Stoltenberg asserted that “the choices made by Moscow have taken our relations with Russia to their lowest point in decades. We are not back to the Cold War, but we are far from a strategic relationship, so we need to deal with the challenges that may be with us for a long time.” This can be done, said Stoltenberg, by reinforcing NATO’s “collective brands”: collective defense, managing Russia, and supporting Europe. To this end, NATO is engaged in the biggest collective defense reinforcement since the end of the Cold War. NATO now has an increased presence in Eastern Europe, including beefed-up air policing and military exercises, and doubling the size of NATO’s rapid response force.
While NATO is carefully assessing Russia’s aggression, including its nuclear threat, Stoltenberg is calling for an end to defense spending cuts, followed by a gradual increase to 2 percent of GDP for each member country. “We do not seek confrontation with Russia, nor do we seek its isolation,” he said. NATO seeks a constructive relationship with Russia that would foster worldwide security. “But Russia has changed,” said Stoltenberg, who added “and we must adapt. We will not change who we are. We are sticking to our principles and to our international commitments.” Constructive dialogue with Russia, e.g. military to military contacts and using information instead of disinformation or propaganda, must be coupled with strengthening collective defense. Having stability in Europe, and trustworthy neighbors, are NATO’s goals. It is therefore, Stoltenberg said, that NATO is assisting Georgia and Moldova with reforms as sovereign nations that choose their own path.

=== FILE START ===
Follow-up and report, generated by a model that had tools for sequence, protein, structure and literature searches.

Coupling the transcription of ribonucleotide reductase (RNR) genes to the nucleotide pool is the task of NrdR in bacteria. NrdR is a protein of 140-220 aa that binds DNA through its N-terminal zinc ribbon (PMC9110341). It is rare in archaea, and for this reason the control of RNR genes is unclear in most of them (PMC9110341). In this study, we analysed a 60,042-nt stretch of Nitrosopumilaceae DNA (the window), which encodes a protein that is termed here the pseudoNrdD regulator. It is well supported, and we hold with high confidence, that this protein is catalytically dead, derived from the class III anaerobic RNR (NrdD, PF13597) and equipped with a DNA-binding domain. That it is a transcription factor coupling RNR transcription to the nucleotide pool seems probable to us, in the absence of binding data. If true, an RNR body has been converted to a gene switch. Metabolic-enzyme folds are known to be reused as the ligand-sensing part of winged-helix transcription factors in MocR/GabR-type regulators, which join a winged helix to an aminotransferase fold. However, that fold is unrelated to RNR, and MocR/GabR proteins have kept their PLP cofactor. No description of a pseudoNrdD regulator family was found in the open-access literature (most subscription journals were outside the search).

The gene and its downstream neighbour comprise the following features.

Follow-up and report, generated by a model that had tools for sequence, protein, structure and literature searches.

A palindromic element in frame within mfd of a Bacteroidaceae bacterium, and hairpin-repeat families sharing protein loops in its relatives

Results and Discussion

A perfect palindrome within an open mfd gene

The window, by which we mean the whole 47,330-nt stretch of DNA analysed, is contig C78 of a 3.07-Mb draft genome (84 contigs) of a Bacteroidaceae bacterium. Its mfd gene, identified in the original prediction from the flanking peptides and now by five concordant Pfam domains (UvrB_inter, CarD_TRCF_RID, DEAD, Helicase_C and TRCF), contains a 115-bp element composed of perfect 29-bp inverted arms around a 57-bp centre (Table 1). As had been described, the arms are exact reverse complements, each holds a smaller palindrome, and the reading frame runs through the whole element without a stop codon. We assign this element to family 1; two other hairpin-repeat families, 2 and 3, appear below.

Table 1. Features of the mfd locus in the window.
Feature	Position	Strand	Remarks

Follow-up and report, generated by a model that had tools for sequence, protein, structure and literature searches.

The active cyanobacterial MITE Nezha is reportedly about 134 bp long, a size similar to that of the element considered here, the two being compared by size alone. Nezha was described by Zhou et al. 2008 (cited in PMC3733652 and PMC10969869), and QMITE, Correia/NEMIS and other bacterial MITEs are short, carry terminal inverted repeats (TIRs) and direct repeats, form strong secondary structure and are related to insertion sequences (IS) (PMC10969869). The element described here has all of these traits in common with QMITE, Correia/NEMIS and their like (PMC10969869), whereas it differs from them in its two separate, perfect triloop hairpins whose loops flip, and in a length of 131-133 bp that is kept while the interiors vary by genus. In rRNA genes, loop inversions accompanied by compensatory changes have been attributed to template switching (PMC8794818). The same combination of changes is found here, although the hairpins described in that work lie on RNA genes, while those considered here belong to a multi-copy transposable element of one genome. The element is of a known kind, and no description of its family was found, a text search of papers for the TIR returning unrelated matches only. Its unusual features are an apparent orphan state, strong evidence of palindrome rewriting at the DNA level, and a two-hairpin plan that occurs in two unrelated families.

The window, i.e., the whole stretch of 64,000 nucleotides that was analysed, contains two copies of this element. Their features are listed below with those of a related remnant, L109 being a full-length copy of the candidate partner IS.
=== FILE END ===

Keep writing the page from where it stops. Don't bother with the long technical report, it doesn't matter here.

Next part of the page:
Stoltenberg finished up by saying that NATO has erased divisions in Europe and built regional order. However, he said, “We must adapt to ensure our security, to protect the values of our open and democratic society and to support our partners…The world is changing, and we are changing. But one thing that will not change is our determination to stay united.”
According to NATO guidelines, member countries should spend at least 2% of their GDP on defense. However, as of 2013 only four member countries spent at that level: Estonia, Greece, the USA and the UK. China and Russia are projected to significantly increase their defense spending by this year. According to IHS, four of the top five fastest growing defense markets in 2013 were in the Middle East, as spending grew especially in the East and South:
Saudi Arabia’s budget has tripled in 10 years; 2013 marked its largest rise since 2007
Non-NATO spending is forecast to overtake NATO spend in 2021
China is projected to outspend the UK, France and Germany combined by 2015
Russia grabbed third place, pushing the UK to fourth and Japan to fifth
By 2015, the sum of Russia and China’s defense budgets are projected to overtake spending by the EU
Sub-Saharan Africa budgets rose 18% in 2013 and present long-term opportunities for defense companies